Detroit makes Community College free


Its back to school time again – college students in Detroit have to report to classes on August 22.

CU Blog - Detroit makes Community College free - Photo 2

And now, if they enroll in a Detroit area community college, the tuition could be free.

Now that’s what I’m talking about!

This too, is a lesson learned from Detroit. The publishers of the book Go Lean…Caribbean have been in Detroit to “observe and report” the turn-around and rebirth of the once-great-but-now-distressed City of Detroit and its metropolitan area. The following article relates a strategy that is apropos for remediating and mitigating a failing community – education:

Title: Detroit makes community college free
Sub-title: Detroit high schoolers just got a free ticket to community college.
By: Katie Lobosco

Starting this year, any graduating high school senior who is accepted to one of Detroit’s five community colleges won’t have to pay a dime for tuition.

CU Blog - Detroit makes Community College free - Photo 1The Detroit Promise Zone program, officially launched on Tuesday, will make it possible. At first the funds will come from a private scholarship foundation. But starting in 2018, some of the money will come from property taxes already earmarked for the program.

“It doesn’t matter whether you’re a high school senior preparing for college now or a second-grader whose college career is years away. The Detroit Promise will be there to help make a college education a reality,” said Mayor Mike Duggan.

He hopes that the program will eventually expand to cover the cost of four years of college tuition at a state school for each Detroit student.

To be eligible, a student must have completed their junior and senior years at a public, private or charter high school in Detroit. It doesn’t matter how much their family earns, but the student must fill out the federal financial aid form called the FAFSA. The Detroit program will pick up the difference after any other federal and state grants and scholarships have been used.

About 500 students are expected to take advantage of the program and enroll at a community college each fall, according to a spokesman for the Detroit Regional Chamber, which helps administer the scholarship.

It will cost an average of $680 per person, annually, though each scholarship amount will vary depending on how much in other awards the student received.

The privately funded Detroit Scholarship program is already in place and has granted 2,000 students free tuition over the past three years. The Michigan Education Excellence Foundation raised the funds from a mix of companies, charitable foundations, and individuals.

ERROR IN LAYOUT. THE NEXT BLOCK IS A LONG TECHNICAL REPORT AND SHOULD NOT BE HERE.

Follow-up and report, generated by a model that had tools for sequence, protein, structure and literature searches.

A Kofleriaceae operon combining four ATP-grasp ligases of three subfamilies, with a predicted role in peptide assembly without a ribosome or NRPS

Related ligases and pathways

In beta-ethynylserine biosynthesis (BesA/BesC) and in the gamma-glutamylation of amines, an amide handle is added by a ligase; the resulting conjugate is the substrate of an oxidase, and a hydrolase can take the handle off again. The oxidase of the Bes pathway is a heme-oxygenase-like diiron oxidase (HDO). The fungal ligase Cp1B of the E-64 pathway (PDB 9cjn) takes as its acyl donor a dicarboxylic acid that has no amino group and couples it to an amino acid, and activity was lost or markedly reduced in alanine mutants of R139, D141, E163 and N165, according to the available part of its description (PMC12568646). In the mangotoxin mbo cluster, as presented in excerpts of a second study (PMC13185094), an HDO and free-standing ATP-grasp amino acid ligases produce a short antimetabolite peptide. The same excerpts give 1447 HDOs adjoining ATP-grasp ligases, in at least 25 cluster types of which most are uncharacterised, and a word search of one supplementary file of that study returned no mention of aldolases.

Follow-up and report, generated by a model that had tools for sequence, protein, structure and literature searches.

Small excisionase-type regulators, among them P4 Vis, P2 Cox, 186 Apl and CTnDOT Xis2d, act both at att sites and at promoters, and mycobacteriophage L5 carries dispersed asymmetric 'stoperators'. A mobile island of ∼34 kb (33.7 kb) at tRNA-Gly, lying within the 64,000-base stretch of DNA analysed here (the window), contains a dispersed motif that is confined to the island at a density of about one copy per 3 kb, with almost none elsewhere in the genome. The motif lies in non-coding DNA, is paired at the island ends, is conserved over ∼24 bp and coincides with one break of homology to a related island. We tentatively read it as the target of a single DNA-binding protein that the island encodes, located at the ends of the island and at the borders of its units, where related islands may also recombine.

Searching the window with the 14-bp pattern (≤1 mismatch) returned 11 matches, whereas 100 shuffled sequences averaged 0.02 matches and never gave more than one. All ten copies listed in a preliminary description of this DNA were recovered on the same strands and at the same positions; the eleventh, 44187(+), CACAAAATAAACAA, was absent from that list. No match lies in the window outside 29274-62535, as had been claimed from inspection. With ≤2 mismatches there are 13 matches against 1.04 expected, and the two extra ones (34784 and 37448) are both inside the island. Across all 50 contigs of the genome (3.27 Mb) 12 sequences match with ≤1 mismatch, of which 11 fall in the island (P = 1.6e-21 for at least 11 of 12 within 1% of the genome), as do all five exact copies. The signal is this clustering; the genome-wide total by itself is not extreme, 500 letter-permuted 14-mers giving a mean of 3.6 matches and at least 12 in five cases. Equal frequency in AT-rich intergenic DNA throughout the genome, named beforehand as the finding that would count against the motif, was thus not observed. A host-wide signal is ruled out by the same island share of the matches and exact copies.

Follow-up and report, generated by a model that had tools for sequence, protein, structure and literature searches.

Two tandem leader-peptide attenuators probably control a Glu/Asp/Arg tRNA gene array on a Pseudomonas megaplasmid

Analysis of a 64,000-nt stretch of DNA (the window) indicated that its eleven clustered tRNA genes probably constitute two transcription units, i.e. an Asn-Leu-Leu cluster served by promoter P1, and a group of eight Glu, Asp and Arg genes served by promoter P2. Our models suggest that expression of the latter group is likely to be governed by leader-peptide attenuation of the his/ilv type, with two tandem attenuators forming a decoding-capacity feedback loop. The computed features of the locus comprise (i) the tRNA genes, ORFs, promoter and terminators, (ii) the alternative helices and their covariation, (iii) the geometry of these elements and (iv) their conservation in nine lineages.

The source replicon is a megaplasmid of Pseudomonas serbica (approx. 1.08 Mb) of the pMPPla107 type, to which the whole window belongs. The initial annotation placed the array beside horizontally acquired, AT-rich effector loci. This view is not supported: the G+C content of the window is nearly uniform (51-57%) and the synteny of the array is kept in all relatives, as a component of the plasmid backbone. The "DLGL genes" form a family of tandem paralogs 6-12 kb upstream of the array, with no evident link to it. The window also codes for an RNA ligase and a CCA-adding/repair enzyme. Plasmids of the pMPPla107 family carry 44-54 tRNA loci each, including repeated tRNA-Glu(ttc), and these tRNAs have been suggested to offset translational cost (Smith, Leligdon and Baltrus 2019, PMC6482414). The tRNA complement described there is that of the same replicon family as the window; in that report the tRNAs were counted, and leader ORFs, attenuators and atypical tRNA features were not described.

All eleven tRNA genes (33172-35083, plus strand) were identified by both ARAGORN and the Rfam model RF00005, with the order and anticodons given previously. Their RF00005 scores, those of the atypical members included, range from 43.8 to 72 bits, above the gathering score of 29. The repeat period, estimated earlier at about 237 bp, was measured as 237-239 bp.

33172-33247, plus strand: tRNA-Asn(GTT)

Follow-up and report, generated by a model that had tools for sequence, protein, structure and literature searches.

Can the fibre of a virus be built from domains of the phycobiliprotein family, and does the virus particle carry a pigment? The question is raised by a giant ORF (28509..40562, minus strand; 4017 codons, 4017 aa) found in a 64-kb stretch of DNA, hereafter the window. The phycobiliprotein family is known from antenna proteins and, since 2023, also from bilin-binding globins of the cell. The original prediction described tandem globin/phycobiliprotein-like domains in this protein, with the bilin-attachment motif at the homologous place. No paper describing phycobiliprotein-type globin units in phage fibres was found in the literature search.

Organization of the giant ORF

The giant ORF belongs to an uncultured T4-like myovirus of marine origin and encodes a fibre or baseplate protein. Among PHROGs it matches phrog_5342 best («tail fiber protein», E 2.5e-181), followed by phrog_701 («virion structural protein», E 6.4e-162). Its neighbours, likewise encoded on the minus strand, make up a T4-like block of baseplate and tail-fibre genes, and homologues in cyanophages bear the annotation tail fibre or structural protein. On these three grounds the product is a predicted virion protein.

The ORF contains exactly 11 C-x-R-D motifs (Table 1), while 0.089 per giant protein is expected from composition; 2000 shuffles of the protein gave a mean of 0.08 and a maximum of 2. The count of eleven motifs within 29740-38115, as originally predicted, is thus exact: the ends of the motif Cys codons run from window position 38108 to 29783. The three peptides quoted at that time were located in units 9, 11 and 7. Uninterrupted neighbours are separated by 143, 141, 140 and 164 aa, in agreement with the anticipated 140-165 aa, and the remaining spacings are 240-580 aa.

CU Blog - Detroit makes Community College free - Photo 3But now that the Detroit Promise Zone has officially launched, scholarship funding will eventually move away from private donations toward earmarked tax funds. There isn’t an exact timeline for that transition, a spokesman said.

Detroit is one of 10 “promise zones” the state created in 2009 as a way to send more Michigan residents to college. The programs designate a share of state property taxes within the zone to pay for the scholarships.

“We are confident that Detroit’s future will be even brighter now that our city’s future leaders will be able to go to college at no cost,” said Detroit Promise Zone Authority Board Chairwoman Penny Bailer.

Tuition-free college is an idea that’s gaining traction. While President Obama has pushed for it nationally, Tennessee made community college tuition-free for graduating seniors last fall, and Oregon is set to launch a similar program next year.

High school seniors must register for the Detroit Scholarship Fund online by June 30 to be eligible.
Source: CNN Money (Cable News Network) – Posted 03-22-2016; retrieved 08-14-2016 from:

As related, other communities are launching similar endeavors to this Detroit initiative:

Tennessee is picking up the tab for community college students.

How New York City would make community college free.

Oregon is set to launch a similar program next year.

This Go Lean movement has always been a big proponent of college education for Caribbean citizens. Our one caveat is that the education takes place in the Caribbean.